As New Jersey Governor Phil Murphy (D) faces internal strife and significant delays in his efforts to pass legislation that would legalize recreational marijuana, growing opposition to legal weed among New Jersey towns and municipalities poses yet another threat to legalization efforts in the state.
As of December 2018, at least 50 NJ towns/municipalities have passed preemptive bans on legal marijuana and cannabis-related businesses, including bans on marijuana sales, manufacturing, and farming. The number of towns/municipalities that passed legal weed bans has grown from just under 40 in September 2018 to its most current count of 50+ published last month. Meanwhile, only four NJ towns have officially stated that they would welcome legal weed.
Interestingly, despite the still-growing number of towns that have either already passed or are planning to pass bans on legal weed, support for marijuana legalization among New Jersey residents still appears quite strong.
According to an October 2018 poll from the Rutgers University Eagleton Center for Public Interest, of the 1,006 adult New Jersey residents who participated, 58% said they either strongly or somewhat support marijuana legalization, while only 37% said they were opposed. In addition, 64% of participants said that a regulated and taxed cannabis industry would likely benefit New Jersey’s economy.
Another poll conducted in August 2018 from Quinnipiac University surveyed 908 New Jersey voters and found that 62% said they support the legalization of marijuana for recreational use in NJ, and 33% said they do not. Meanwhile, 50% also said they support the sale of legal marijuana in their community, while 45% said they would not.
So, if the majority of NJ voters do actually support marijuana legalization, then why are more and more towns/municipalities choosing to ban legal weed?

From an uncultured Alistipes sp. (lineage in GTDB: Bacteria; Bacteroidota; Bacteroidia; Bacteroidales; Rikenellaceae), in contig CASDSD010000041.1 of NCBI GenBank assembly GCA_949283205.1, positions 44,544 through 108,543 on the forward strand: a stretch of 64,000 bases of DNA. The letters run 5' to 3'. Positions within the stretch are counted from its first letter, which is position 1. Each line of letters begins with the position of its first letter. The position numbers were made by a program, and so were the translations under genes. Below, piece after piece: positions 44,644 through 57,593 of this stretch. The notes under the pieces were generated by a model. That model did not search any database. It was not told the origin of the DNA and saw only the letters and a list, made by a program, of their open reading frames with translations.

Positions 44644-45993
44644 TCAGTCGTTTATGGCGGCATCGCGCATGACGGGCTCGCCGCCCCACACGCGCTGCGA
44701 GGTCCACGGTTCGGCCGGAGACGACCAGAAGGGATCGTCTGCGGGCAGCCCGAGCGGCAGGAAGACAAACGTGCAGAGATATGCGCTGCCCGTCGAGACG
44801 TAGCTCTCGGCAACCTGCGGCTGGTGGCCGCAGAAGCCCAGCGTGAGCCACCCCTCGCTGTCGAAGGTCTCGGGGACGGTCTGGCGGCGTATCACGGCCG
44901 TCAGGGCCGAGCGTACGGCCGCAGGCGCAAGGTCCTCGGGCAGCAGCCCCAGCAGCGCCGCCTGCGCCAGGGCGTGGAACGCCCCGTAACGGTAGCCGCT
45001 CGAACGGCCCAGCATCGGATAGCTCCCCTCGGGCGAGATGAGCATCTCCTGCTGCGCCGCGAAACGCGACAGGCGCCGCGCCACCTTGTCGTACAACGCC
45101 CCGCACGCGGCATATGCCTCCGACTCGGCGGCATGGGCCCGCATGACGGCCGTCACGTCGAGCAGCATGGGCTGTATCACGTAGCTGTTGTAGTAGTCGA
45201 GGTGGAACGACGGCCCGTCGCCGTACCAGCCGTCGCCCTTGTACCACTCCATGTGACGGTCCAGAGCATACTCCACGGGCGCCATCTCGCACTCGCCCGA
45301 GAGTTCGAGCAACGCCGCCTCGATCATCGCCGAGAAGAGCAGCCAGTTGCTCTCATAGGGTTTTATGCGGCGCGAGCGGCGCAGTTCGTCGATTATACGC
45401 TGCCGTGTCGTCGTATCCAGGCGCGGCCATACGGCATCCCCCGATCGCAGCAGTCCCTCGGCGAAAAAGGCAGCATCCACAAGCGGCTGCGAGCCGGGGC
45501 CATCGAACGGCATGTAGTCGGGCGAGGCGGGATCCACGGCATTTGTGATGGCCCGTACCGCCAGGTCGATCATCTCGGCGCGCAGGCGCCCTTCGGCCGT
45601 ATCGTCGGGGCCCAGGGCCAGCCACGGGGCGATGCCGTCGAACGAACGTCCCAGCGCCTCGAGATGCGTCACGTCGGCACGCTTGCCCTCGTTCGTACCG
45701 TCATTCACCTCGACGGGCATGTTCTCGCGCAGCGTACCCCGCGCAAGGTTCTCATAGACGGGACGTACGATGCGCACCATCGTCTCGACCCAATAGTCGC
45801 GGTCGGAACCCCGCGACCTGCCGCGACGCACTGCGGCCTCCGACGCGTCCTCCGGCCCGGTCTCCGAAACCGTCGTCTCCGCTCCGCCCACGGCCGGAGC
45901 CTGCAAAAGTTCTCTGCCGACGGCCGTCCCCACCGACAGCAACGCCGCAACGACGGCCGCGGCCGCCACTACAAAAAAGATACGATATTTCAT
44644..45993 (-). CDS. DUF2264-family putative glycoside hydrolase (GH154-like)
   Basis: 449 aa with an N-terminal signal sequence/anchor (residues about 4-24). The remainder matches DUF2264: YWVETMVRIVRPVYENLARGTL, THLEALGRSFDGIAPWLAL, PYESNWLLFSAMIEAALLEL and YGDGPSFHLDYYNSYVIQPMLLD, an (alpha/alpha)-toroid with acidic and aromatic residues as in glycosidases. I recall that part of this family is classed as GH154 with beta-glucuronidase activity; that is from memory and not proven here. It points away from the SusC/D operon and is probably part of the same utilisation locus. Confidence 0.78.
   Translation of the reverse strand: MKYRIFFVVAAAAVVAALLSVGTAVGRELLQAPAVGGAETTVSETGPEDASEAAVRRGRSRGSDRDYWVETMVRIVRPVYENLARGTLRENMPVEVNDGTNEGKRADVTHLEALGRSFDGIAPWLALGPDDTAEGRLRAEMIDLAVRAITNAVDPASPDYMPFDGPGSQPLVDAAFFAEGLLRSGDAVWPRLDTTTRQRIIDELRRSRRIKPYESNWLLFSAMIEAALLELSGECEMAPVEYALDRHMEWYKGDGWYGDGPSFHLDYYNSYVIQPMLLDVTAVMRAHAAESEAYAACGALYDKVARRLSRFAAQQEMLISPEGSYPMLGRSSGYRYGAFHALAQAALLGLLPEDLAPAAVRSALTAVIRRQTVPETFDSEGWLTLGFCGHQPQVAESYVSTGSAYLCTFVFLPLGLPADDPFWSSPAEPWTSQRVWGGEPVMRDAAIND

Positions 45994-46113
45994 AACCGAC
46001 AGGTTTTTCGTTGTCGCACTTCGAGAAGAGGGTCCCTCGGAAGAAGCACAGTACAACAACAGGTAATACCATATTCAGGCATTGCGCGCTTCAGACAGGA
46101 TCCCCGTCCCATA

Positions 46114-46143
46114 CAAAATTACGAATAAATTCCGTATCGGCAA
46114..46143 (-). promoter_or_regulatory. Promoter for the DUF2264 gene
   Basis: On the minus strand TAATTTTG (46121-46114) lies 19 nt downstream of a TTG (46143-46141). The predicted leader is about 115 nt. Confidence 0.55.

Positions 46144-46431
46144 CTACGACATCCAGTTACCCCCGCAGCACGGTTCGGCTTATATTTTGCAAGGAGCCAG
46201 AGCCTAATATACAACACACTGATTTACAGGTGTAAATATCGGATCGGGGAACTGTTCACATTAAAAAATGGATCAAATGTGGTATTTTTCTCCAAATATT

In Chatham Township, for instance, local government decided to ban legal weed because they feared its presence alone would upend the progress they have made in controlling widespread substance abuse and teaching addiction prevention. In other places, like Hawthorne, they opted to ban legal weed because of projected zoning issues surrounding the construction of dispensaries and/or cannabis businesses in the town.
Some communities, like Wyckoff Twp., justify banning legal cannabis simply using their belief that marijuana is a drug that is harmful, and that legalizing marijuana would increase its presence in their community exponentially, which would be a detriment to public health, safety, and welfare in the Township.
The growing number of NJ towns/municipalities banning legal weed even though the majority of NJ voters say they support marijuana legalization is the result of the “not in my backyard” phenomenon. Although the majority of NJ voters say they support legal weed, the growing number of communities opting to ban legal weed suggests that the majority of NJ voters’ ‘support’ for marijuana legalization is actually conditional on keeping legal weed and weed-related business out of their own communities.
Their fear? The construction and development of legal weed businesses to follow the passage of legalization will negatively affect their neighborhoods, local communities, and/or individual property values.
The “not in my backyard” phenomenon can become highly problematic for the fate of legal weed in New Jersey. If enough residents of enough towns in New Jersey refuse to accept weed-related construction/developmental projects in their own communities, then there will be no place for legal weed and related businesses to open, and therefore the entire cause for legal weed and the fight to legalize marijuana in New Jersey will have been for nothing.